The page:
Mixed Grain Trade After WASDE Report


OMAHA (DTN) — The July USDA Crop Production and World Agricultural Supply and Demand Estimates (WASDE) reports should set off fewer fireworks than we saw following the June 30 quarterly stocks and planted acreage reports.

Traders were most interested in what USDA economists would do in the 2010 corn crop balance sheet, given the June quarterly stocks estimate for corn, which was 368 million bushels (mb) above the average pre-report estimate. Small adjustments were made in several categories, leading to an increase in ending stocks from the June report’s 730 mb to 880 mb.

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For Crop Production: http://usda.mannlib.cornell.edu/

For World Agricultural Supply and Demand Estimates (WASDE): http://www.usda.gov/


At 880 mb, corn ending stocks rose less than the trade’s average estimate of 905 mb. This puts the ending stocks-to-use ratio at 6.6{e7e4ba4d9a3c939171d79cae1e3a0df1d41e5a91c3c4158fbb92284b490bc9d3} versus 5.4{e7e4ba4d9a3c939171d79cae1e3a0df1d41e5a91c3c4158fbb92284b490bc9d3} in June. USDA pegged corn feed and residual use at 5.0 billion bushels; food/seed/industrial at 6.43 bb, with the ethanol component at 5.05 bb; and exports, 1.875 bb.

Soybean ending stocks are pegged at 200 mb. This increased the U.S. ending stocks-to-use ratio to about 6.1{e7e4ba4d9a3c939171d79cae1e3a0df1d41e5a91c3c4158fbb92284b490bc9d3}.

U.S. old-crop wheat ending stocks now are pegged at 861 mb.


Sanow noted that the July look at new-crop ending stocks will probably be dropped in the recycle bin about as quickly as it was released given the re-survey of acreage in North Dakota, South Dakota, Minnesota and Montana (set for release in August).

Corn ending stocks were pegged at 870 mb, below the trade’s expected 994 mb but above the June figure of 695 mb. USDA’s national season-average price range was lowered from $6-$7 in June to $5.50-$6.50.

“Given traders were expecting larger numbers for both old-crop and new-crop ending stocks after the larger-than-expected June quarterly stocks number, Tuesday morning’s estimates could be viewed as slightly bullish for corn,” said DTN Analyst John Sanow. “On the new-crop size, the 270 mb increase in production was largely offset by a 245 mb rise in demand.”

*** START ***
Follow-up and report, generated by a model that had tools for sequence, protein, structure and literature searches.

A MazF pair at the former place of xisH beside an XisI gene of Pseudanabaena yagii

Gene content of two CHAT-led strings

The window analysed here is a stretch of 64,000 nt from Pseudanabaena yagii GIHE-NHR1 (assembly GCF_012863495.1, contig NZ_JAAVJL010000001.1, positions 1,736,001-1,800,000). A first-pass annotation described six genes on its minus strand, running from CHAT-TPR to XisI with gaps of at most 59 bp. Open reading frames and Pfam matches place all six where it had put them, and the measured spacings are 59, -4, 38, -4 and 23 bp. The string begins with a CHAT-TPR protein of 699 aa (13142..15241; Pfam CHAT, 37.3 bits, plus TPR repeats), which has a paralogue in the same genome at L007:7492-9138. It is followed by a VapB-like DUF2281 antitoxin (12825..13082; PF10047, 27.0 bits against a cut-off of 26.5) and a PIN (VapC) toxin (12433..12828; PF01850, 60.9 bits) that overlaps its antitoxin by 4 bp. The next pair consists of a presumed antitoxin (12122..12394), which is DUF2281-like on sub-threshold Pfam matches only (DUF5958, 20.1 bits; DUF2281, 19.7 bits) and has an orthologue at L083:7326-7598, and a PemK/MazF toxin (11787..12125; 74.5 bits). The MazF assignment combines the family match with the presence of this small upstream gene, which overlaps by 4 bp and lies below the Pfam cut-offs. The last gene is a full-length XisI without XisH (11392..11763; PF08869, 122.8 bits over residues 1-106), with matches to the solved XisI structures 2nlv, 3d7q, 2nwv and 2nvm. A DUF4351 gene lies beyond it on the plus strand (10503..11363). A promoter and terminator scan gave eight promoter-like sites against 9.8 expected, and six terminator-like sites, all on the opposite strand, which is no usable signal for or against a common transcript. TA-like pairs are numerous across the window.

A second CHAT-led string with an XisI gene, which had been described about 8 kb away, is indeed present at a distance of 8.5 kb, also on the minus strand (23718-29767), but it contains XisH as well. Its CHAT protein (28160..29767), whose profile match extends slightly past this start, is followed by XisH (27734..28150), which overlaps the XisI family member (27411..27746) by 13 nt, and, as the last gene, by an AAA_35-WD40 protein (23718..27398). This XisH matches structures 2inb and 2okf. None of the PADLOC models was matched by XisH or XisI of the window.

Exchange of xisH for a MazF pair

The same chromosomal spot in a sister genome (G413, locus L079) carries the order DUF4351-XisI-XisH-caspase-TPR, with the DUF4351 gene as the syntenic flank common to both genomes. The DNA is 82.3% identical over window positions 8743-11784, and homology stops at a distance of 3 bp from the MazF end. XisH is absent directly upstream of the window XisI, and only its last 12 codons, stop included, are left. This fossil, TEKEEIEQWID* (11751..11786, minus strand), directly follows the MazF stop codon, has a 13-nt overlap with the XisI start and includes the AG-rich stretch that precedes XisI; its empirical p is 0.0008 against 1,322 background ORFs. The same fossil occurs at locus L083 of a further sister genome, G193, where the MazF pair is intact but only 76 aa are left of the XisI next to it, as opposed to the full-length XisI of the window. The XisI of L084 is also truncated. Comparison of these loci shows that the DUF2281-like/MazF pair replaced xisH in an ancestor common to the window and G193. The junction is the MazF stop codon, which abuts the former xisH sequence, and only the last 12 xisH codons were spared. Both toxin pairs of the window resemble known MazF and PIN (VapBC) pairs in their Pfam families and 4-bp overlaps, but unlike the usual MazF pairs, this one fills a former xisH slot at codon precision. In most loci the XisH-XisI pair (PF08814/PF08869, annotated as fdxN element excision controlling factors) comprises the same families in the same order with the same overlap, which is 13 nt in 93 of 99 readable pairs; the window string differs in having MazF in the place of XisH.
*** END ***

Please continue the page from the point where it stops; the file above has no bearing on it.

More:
Soybean ending stocks dropped as expected, to 175 mb. That is a more modest reduction than the trade’s average 169 mb target. The ending stocks-to-use ratio now is 5.4{e7e4ba4d9a3c939171d79cae1e3a0df1d41e5a91c3c4158fbb92284b490bc9d3}. Though the season-average price was lowered $1 at each end of the range, projected at $12 to $14, it is still a record level.

“The report for beans should be considered neutral-to-bearish, as old-crop ending stocks climbed 20 mb above June due to another decrease in exports while new-crop stocks fell less than expected to 175 mb,” Sanow said.


As expected, all-wheat production increased from USDA’s June estimate of 2.06 bb to 2.11 bb. Spring wheat was estimated at 616 mb, the same as last year and above the trade’s average expectation of 551 mb. Traders are likely to take this number with a grain of salt considering the Northern Plains acreage re-survey, Sanow said.

At 1.49 bb, winter wheat production is up slightly from 2010. Compared with USDA’s June report, the total was raised 3{e7e4ba4d9a3c939171d79cae1e3a0df1d41e5a91c3c4158fbb92284b490bc9d3}; hard red winter, 2{e7e4ba4d9a3c939171d79cae1e3a0df1d41e5a91c3c4158fbb92284b490bc9d3}; soft red winter, 6{e7e4ba4d9a3c939171d79cae1e3a0df1d41e5a91c3c4158fbb92284b490bc9d3}; and white winter 1{e7e4ba4d9a3c939171d79cae1e3a0df1d41e5a91c3c4158fbb92284b490bc9d3}.

“All-wheat production came in 35 mb above the pre-report estimate, though this was offset by a 100 mb increase in exports, meaning ending stocks decreased 17 mb from June when traders thought an increase was coming,” Sanow said.


New-crop wheat supplies rose 90 mb as higher carry-in and production more than offset reductions in imports and higher use. Beginning stocks rose 52 mb, mainly reflecting higher estimated carryout for 2010-11 in keeping with the June 30 grain stocks report. Production is forecast at 2.1 bb, up 48 mb from last month. The stocks-to-use ratio is 29{e7e4ba4d9a3c939171d79cae1e3a0df1d41e5a91c3c4158fbb92284b490bc9d3} — quite ample.


World ending stocks should be viewed as bearish for corn, neutral for beans and neutral to bullish for wheat, Sanow said.

Global ending stocks for 2011-2012 crop wheat were unchanged from the June report, at 184.26 mmt, as FSU-12 production dropped from 100.6 mmt in June to 99.5 but EU-27 production rose from 131.5 to 132.12 mmt.

Corn ending stocks jumped in both marketing years: old-crop rose from 117.44 mmt in June to 120.88 in July and new-crop, from 111.89 to 115.66. While USDA increased China’s 2011 imports by 1.5 mmt to 2.0 mmt, that is well below some trade expectations.

“As expected, world stocks for corn rose to a more comfortable level in both marketing years. New-crop stocks fell when traders thought an increase was looming.

Old-crop soybean stocks increased from 64.53 mmt to 65.88, while new-crop beans inched higher, from 61.59 mmt to 61.97 mmt.

“In beans, only slight increases were seen, keeping the global picture at a comfortable level,” Sanow said.


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Posted with DTN Permission by Haylie Shipp

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